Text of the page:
When Henry VIII divorced Catherine of Aragon--the first of six unfortunate wives--he broke with the pope, anointed himself supreme head of the Church of England, and shut down England's monasteries. He may also have unwittingly delayed the industrial revolution. For one of the monasteries he closed--Rievaulx Abbey in North Yorkshire--was apparently the site of a prototype blast furnace built about 200 years before later blast furnaces ushered in the industrial revolution.
After Henry expelled the Cistercian monks from the abbey in 1538, his emissaries inventoried the abbey's contents. Examining these old lists, Gerry McDonnell, an archeometallurgist at the University of Bradford, became curious about two items, a "bloomsmithy" at Laskill, about four miles from the abbey, and a "hammersmithy" at Rievaulx itself. What exactly were they?
McDonnell set out to explore the debris of Laskill and Rievaulx. From the records, he suspected that the monks had built a furnace to extract iron from ore. But what kind of furnace? The most ancient type, in use since the Iron Age, was typically a six-foot-tall, three-foot-wide cylindrical stack of clay. Charcoal and iron ore were loaded into the top. Air, pumped in with hand or foot bellows, helped feed the fire that separated pasty lumps of iron from the ore. This crude iron was further heated and squeezed to remove mineral impurities called slag.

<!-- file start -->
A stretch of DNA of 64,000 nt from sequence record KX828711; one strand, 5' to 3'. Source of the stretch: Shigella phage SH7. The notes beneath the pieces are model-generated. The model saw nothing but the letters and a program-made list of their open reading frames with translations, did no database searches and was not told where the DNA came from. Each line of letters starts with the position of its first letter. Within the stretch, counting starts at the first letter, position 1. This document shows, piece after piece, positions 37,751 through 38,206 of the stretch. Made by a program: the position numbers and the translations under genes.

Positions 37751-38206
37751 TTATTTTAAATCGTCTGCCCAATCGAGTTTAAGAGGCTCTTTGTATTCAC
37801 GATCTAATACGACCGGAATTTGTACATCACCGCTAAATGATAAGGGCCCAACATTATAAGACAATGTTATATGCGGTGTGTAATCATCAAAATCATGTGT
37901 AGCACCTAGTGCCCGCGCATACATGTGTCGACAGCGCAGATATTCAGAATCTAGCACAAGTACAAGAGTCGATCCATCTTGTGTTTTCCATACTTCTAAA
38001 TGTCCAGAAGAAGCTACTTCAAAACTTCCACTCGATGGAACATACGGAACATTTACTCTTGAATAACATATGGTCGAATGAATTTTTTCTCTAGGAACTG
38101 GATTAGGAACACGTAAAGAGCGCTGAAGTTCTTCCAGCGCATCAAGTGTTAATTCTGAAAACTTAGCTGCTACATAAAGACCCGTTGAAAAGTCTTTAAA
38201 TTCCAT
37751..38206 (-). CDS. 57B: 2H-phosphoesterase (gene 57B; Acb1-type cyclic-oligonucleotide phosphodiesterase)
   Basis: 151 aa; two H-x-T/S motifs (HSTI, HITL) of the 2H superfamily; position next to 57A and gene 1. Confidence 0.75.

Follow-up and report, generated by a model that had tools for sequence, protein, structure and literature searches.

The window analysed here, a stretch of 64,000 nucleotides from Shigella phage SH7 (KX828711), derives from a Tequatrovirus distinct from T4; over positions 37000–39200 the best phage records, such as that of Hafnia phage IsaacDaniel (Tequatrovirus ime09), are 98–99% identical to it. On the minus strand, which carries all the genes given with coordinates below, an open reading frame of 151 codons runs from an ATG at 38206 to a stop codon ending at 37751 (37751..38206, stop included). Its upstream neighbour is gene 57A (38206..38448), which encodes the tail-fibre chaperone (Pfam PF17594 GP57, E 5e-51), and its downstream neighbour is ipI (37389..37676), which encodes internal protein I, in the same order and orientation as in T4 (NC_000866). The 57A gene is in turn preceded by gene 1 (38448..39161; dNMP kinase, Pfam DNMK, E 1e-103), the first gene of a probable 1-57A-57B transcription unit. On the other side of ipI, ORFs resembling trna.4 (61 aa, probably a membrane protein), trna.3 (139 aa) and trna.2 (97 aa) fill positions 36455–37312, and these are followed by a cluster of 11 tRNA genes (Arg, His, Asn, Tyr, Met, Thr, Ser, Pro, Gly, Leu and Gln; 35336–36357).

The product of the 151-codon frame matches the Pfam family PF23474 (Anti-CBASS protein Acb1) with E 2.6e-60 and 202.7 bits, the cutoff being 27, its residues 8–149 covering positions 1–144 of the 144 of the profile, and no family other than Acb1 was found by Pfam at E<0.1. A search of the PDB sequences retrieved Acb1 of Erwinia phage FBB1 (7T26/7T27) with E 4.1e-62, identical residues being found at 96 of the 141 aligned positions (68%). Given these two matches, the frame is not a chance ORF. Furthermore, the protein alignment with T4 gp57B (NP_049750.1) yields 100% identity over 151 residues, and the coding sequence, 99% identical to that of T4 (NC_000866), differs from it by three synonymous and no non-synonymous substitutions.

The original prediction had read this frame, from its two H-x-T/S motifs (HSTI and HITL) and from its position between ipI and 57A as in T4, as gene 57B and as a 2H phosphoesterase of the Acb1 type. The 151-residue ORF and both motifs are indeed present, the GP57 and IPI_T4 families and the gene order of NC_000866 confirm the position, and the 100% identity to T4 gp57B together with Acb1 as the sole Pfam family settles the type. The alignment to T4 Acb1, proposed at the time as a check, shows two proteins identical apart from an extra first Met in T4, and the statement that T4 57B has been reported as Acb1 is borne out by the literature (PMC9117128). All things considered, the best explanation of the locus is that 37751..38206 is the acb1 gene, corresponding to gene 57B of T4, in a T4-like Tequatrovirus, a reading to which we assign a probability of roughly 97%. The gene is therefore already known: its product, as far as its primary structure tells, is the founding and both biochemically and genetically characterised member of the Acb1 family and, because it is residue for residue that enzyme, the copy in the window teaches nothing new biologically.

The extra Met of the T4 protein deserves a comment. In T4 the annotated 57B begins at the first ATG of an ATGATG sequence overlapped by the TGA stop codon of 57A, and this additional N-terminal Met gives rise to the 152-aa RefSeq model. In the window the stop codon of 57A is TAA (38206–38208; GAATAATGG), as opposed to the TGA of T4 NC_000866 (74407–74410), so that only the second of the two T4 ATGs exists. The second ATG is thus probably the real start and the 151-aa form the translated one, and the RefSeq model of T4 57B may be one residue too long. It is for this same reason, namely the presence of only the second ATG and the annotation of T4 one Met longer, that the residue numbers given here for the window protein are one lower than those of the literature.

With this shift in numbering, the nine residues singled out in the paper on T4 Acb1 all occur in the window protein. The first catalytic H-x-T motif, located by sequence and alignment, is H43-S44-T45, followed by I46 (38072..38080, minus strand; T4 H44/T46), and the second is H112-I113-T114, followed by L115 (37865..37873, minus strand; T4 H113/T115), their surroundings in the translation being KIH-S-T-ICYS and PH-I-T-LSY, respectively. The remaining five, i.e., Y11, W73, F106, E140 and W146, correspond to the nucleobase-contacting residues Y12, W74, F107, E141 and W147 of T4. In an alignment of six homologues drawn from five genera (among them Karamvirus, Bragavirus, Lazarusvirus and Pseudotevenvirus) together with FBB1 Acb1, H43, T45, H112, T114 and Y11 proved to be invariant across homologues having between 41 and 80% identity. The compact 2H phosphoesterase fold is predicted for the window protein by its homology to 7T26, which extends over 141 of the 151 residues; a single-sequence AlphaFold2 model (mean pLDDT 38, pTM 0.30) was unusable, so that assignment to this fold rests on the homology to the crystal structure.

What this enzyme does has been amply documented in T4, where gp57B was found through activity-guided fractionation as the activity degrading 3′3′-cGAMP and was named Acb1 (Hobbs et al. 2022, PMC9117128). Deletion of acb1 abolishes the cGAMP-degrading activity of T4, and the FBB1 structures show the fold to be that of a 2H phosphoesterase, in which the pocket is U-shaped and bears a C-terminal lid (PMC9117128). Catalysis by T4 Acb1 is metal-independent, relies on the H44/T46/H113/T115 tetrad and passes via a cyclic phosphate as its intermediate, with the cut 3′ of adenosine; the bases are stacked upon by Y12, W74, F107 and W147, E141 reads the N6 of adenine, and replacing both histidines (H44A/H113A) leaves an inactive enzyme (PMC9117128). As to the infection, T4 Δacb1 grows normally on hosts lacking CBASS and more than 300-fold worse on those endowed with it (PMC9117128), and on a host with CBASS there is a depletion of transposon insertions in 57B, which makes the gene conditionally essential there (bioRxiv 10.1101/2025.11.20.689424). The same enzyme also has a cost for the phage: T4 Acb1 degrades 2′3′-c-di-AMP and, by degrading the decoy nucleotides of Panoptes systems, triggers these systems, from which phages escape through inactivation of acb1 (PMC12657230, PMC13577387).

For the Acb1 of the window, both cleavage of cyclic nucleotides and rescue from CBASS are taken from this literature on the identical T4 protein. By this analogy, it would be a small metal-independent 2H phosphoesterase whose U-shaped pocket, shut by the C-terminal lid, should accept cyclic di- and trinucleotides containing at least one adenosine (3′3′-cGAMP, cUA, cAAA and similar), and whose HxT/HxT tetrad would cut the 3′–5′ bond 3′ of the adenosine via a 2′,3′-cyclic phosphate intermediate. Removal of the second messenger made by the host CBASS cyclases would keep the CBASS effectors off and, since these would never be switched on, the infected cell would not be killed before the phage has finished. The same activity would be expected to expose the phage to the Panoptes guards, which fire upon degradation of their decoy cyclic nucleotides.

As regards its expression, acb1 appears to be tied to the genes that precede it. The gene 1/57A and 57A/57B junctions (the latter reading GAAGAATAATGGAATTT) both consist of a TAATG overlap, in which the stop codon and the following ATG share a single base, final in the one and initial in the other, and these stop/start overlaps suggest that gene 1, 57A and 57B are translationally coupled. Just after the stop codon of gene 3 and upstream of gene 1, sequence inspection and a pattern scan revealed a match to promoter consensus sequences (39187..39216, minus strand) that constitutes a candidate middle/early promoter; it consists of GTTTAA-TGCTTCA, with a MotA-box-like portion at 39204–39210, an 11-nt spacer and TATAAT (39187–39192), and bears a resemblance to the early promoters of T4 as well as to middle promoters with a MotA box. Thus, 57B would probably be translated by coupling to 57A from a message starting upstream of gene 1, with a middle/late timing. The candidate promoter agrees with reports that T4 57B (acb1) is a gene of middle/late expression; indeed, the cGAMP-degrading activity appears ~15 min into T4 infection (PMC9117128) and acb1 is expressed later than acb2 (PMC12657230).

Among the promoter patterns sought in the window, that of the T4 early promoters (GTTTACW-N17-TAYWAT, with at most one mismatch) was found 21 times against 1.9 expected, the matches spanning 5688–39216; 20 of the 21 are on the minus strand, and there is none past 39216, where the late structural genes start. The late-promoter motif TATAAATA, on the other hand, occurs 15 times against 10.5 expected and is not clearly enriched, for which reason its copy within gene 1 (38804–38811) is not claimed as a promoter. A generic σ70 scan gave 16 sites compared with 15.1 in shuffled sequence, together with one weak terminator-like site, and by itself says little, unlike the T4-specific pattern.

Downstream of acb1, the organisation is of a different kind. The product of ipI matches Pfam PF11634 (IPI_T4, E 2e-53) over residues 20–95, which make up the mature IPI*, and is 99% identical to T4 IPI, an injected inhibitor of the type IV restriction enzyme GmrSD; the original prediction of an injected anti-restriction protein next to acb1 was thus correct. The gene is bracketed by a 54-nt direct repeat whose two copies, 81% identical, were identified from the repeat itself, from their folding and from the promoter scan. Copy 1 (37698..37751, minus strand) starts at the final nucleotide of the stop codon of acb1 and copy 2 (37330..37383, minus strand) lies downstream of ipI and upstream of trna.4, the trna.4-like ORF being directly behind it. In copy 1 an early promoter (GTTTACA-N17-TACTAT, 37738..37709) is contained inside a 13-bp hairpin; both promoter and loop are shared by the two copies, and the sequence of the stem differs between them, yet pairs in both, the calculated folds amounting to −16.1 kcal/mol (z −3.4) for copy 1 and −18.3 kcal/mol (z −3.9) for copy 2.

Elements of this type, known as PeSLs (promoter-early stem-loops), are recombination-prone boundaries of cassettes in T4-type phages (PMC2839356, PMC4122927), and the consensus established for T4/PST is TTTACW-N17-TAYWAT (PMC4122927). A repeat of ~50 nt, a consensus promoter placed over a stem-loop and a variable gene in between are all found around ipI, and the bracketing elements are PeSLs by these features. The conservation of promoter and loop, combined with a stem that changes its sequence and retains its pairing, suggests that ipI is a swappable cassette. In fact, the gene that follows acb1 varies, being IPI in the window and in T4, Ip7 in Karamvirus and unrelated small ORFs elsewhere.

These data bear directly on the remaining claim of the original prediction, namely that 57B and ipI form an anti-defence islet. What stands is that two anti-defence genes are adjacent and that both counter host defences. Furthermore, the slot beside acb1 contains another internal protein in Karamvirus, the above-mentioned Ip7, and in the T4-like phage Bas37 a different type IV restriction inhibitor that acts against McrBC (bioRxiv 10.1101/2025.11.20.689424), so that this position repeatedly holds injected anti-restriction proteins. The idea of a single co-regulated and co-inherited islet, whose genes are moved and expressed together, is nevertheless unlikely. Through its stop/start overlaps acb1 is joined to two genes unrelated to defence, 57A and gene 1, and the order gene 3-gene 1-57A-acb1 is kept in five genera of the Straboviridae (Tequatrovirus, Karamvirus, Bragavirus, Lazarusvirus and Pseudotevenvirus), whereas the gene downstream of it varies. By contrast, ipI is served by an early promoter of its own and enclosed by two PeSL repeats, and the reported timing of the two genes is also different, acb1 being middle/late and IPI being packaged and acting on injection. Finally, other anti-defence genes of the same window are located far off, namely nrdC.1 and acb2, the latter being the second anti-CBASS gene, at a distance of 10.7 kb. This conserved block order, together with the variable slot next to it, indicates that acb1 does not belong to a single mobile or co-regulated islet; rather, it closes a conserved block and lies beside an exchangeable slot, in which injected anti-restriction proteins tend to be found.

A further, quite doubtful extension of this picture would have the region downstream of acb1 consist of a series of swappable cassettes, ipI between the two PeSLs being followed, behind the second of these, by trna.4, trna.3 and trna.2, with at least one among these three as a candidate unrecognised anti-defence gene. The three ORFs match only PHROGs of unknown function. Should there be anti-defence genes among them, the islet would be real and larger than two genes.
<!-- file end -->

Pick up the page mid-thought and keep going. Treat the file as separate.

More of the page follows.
The slag of a primitive furnace typically contains lots of iron--such furnaces don't generate high enough temperatures to separate all the iron from the ore. But the slag McDonnell analyzed at Laskill had a low iron content--it resembled the slag produced by a blast furnace, whose higher temperatures remove more iron from the ore.
McDonnell was further convinced that the monks had built such a furnace when he discovered a square, 15-foot-wide brick structure below the ground, as well as traces of a stream that may have driven the furnace's bellows. The larger size of the furnace and the greater power of water-driven bellows would have allowed the monks to reach blast-furnace temperatures.
McDonnell isn't sure of the purpose of the other furnace--the "hammersmithy" at Rievaulx--but suspects it may have been used to forge iron bars from the iron produced at Laskill. "The monks would have used quite a lot of iron--they had 14,000 sheep to shear, so they needed sheep shears," he says. "We know that the Cistercians were innovators, and technologically they were very astute." If Henry hadn't expelled the monks, he adds, the industrial revolution might have started at the abbey in North Yorkshire.